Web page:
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Reading stories over the past few days about the problems of digging out from this week’s Snowmaggedon awoke a long-slumbering ganglian in my brain with this imprinted on it.  (Question: Given what Cookie Monster is hauling, do the Nanny McBedwe’er types even allow this old sketch to run anymore?)

Last evening, as a result of my recent outburst of French and Indian War enthusiasm (all together now:  Grooooaaann!!), I popped in the Daniel Day-Lewis version of Last of the Mohicans.

I’m not sure if I’ve ever discussed here, over the decanter and the Stilton, the contortions through which this adaptation puts the original novel.  Among other things, the wrong Munro daughter dies – in the novel it’s Cora, not Alice.  Also, Major Hayward, who is not a stuck-up twit, is engaged to Alice, not Cora, and in the end plays a large part in her rescue (without getting killed himself).  And Cora has the hots for Uncus, not Hawkeye.  The list goes on.

But you know what? I never let all that bother me.  Well, hardly ever.  I rationalized this by reminding myself that Fenimore Cooper was such a pretentious gas-bag that he probably deserves to be cannibalized.

No, what got me was a couple of things about the Massacre at Fort William Henry, around which the tale centers.  For those of you who can’t quite remember, Fort William Henry was a log fort at the southern end of Lake George in upstate New York.  In the summah of 1757, it was held by about 2500 British troops and Colonial militia under Col. Edward Munro (played here by Port-Swiller favorite Sar’n James).   The fort was besieged by 6000 or so French troops plus about 1800 Indians commanded by Montcalm, who, with his heavy artillery, quickly subdued the place. 

Under the terms of the surrender, Munro was allowed to march out with flags flying and his men under arms, making for Fort Edward, about a dozen miles away.  (The soldiers were not to fight for the next 18 months.)  He was also to take what camp-followers, including women and children, who could make it.  The English were to have no ammunition, but were to be escorted by a French guard.  (By the bye, one of the things I love about this period is the military etiquette.)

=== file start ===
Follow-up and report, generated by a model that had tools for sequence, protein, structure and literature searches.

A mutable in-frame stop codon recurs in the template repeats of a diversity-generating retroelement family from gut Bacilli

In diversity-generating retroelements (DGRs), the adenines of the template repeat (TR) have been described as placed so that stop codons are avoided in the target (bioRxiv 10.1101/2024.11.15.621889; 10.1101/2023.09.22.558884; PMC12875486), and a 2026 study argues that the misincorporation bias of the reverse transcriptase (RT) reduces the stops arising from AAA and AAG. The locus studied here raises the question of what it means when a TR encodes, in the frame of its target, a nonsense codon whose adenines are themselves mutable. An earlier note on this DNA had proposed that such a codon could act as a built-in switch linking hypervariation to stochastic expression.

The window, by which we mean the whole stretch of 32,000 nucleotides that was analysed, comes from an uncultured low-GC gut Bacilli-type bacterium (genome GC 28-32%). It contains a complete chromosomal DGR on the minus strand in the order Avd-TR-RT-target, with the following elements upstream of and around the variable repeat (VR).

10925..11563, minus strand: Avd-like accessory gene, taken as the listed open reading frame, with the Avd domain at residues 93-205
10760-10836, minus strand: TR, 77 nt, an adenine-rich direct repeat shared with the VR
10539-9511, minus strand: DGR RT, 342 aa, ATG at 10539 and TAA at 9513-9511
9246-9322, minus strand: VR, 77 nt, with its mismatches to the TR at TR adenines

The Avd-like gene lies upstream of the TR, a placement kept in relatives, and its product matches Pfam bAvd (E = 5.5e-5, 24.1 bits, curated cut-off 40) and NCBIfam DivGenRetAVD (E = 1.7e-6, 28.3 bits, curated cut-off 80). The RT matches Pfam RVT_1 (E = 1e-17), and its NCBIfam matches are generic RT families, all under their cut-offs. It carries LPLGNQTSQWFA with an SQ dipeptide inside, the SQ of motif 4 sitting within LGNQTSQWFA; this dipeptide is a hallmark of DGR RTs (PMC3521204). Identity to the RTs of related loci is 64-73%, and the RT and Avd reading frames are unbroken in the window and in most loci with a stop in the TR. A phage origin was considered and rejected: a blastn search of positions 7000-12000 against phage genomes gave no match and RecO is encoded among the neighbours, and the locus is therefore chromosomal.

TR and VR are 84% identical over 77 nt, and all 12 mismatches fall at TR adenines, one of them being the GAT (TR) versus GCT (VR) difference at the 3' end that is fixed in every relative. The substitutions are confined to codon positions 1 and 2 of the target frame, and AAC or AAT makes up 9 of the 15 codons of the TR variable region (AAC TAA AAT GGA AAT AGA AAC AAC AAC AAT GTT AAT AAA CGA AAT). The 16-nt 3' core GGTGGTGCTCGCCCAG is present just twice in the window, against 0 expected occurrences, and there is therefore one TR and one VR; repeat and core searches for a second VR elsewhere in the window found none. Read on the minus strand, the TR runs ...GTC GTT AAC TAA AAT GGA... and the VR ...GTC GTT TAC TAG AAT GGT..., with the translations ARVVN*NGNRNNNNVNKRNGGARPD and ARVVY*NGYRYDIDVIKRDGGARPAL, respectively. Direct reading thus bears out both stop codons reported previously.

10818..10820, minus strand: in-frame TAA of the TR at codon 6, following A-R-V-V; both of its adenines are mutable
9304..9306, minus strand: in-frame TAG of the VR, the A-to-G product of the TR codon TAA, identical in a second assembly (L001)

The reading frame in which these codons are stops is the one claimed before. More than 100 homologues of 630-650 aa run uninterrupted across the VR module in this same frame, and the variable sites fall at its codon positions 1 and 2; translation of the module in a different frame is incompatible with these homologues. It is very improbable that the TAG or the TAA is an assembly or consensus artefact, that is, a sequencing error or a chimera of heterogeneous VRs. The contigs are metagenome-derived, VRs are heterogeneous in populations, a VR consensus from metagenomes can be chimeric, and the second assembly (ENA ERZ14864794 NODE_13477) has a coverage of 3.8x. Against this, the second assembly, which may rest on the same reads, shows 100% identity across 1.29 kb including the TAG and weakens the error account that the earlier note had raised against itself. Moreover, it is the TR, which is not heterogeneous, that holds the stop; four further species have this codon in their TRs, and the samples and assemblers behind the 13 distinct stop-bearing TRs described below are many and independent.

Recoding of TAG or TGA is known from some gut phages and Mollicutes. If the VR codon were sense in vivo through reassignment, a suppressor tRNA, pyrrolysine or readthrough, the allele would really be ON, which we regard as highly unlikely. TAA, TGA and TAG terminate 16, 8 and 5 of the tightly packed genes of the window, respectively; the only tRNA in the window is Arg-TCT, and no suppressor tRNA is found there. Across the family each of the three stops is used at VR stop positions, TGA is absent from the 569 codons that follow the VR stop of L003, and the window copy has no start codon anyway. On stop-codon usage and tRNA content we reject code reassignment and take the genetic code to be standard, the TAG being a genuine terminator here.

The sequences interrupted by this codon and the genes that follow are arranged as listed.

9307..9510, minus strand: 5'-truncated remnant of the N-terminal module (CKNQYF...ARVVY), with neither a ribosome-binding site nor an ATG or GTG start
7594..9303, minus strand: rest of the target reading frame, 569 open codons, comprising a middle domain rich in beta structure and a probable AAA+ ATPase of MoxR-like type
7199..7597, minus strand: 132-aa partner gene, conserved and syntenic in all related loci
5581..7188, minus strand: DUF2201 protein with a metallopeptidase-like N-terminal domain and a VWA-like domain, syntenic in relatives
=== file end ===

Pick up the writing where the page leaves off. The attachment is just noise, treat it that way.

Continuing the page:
Munro’s column hadn’t got far along the road when the Indians, enraged at the idea and also fresh from wiping out all the sick and wounded left behind in the fort, began to attack, mostly going for the women and children, but also hitting stragglers from the main columns of soldiers.  Munro and his officers protested and pleaded to the French to intervene, but many of the French simply put their hands in their pockets and did nothing.   How many were killed or kidnapped in the massacre is the subject of a great deal of on-going debate, but probably runs in the hundreds.  Munro and the main body eventually made it to Fort Edward, and fugitives trickled in for several days thereafter.

Aaaaaanyway, I have three main beefs with the way all this is portrayed in the movie.  First is the murder of Col. Munro himself by Magwa, the villainous Huron.  In the first place, as noted, Col. Munro survived the massacre in reality (he also survived in the novel), although he died suddenly a couple months later.  Second, the movie suggests that his entire column was destroyed.  Again, this is not true – the majority eventually made it to safety.  (Whether they felt compelled to honor their parole after this treachery, I don’t know, but I would doubt it.)  Thirdly, the moovie makes quite clear that Montcalm pre-arranged the massacre with the Indians.  From my further readings about him, I believe this to be a complete fabrication and that Montcalm would not stoop to that kind of thing.  The evidence is that the attack was fairly spontaneous.  And while there are numerous eyewitness accounts of French soldiers refusing to intervene, indeed that in some cases they practically held the Indians’ hats and cheered them on, Montcalm himself seems to have done what he could to protect the English.  Unfortunately, once the Indians’ blood-lust was up, this didn’t amount to very much in practice.

But other than that, I actually enjoyed the moovie this time, especially its feel and attention to period detail.  Plus, the scenery was great (although I believe it was actually filmed in the Blue Ridge south of Roanoke, and not in New Yawk.)


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February 2011